As someone who has run their own catering company for fifteen years now, I have had my fair share of experiences with setting up kitchens and managing the fallout that comes from making mistakes.
Yes, I’ll admit that freely. I’ve made my fair share of mistakes when it comes to my business, but I’ve also had a lot of successes. I believe that my successes have come from analysing my failures – and I like to say that instead of making a mistake, I learn a mistake.
So with that in mind I’d like to share my dos and don’ts for setting up a commercial kitchen, in the hope that it helps you to avoid some missteps. I won’t be sharing everything with you, because after all – some things are trade secrets, and other things you just need to figure out for yourself. I’ll be taking a look at how to get started and then covering some of my key dos and don’ts at the end. So let’s take a look!
How to get started
So you’ve taken the plunge and are getting started with setting up your own commercial restaurant kitchen. Exciting stuff. You’re facing a complex challenge but one that has that has thankfully been made a lot easier thanks to the people who have gone before you!
- My number one rule is to figure out what you’re legally required to do – so check with your local council before you do anything else. Going into the catering business is an industry governed by regulations – for good reason – so you need to be a bit of a stickler for the rules.
- Then do your research – figure out what to buy and who to buy from, and then spend a few hours online or speaking to people you trust to find out where to get the best equipment from. For anyone on the Central Coast, in Newcastle (or anywhere else in Aus, really – they ship all over) you should check out the range of Butler’s Commercial Kitchen Equipment. They also offer finance which can be really helpful for people just getting started out.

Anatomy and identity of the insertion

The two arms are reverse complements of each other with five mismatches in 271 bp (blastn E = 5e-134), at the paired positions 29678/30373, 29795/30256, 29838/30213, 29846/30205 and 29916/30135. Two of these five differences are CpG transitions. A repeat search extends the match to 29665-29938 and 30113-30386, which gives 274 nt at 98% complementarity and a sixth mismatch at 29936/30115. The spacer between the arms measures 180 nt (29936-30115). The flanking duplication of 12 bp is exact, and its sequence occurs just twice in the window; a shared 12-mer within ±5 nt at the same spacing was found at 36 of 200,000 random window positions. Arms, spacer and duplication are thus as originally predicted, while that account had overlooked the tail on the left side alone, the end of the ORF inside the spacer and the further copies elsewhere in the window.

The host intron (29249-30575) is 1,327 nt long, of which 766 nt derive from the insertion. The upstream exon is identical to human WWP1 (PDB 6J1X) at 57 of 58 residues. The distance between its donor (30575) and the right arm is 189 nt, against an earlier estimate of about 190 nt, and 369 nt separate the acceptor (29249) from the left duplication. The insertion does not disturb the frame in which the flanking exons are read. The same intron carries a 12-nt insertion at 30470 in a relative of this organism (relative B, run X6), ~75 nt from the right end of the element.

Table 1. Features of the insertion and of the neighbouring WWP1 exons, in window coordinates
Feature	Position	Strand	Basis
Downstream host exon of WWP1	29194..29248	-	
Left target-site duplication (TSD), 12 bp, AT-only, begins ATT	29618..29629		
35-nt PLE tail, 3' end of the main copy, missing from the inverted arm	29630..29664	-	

- Then make a list of your essential items. Figure out your list of essentials, but also look at your wants. If you’re opening a catering business that offers pizzas, you’ll have a different set of equipment required compared to someone offering Chinese catering. Figure out the size of everything that you need. Too big and you’re wasting energy. Too small and you’ve got a problem!
- Figure out the extra costs as well – because while it’s important to get the right equipment a lot of your costs are going to be around flooring, lighting, ventilation, sprinklers for fire fighting, and other things like that.
So – now that we have a list of basic things to cover, let’s take a look at the dos and don’ts!
- Keep an inventory for your kitchen. Know when things need to go through maintenance or to be replaced.
- Keep all of your servicing numbers in quick access.
- Make a budget component for maintenance and repair for your equipment.
- Assign and schedule cleaning and maintenance for major equipment and make sure this is kept up to date. If you don’t you’ll find that you might be liable for replacing equipment sooner rather than later.
- Don’t cut corners with your cleaning and keep plenty of supplies on hand for cleaning so that no one has an excuse
- Don’t cut corners on your equipment. You need to keep cash flowing, but cutting corners on your equipment just means replacement costs down the line. That means you need commercial microwaves – not store bought ones – because they can handle being used all day.
You will notice that not cutting corners plays a big role in this section – because it’s so important. The bottom line is to spend where you need to, and you’ll find that you’re always getting your money’s worth. Good luck with setting up your kitchen!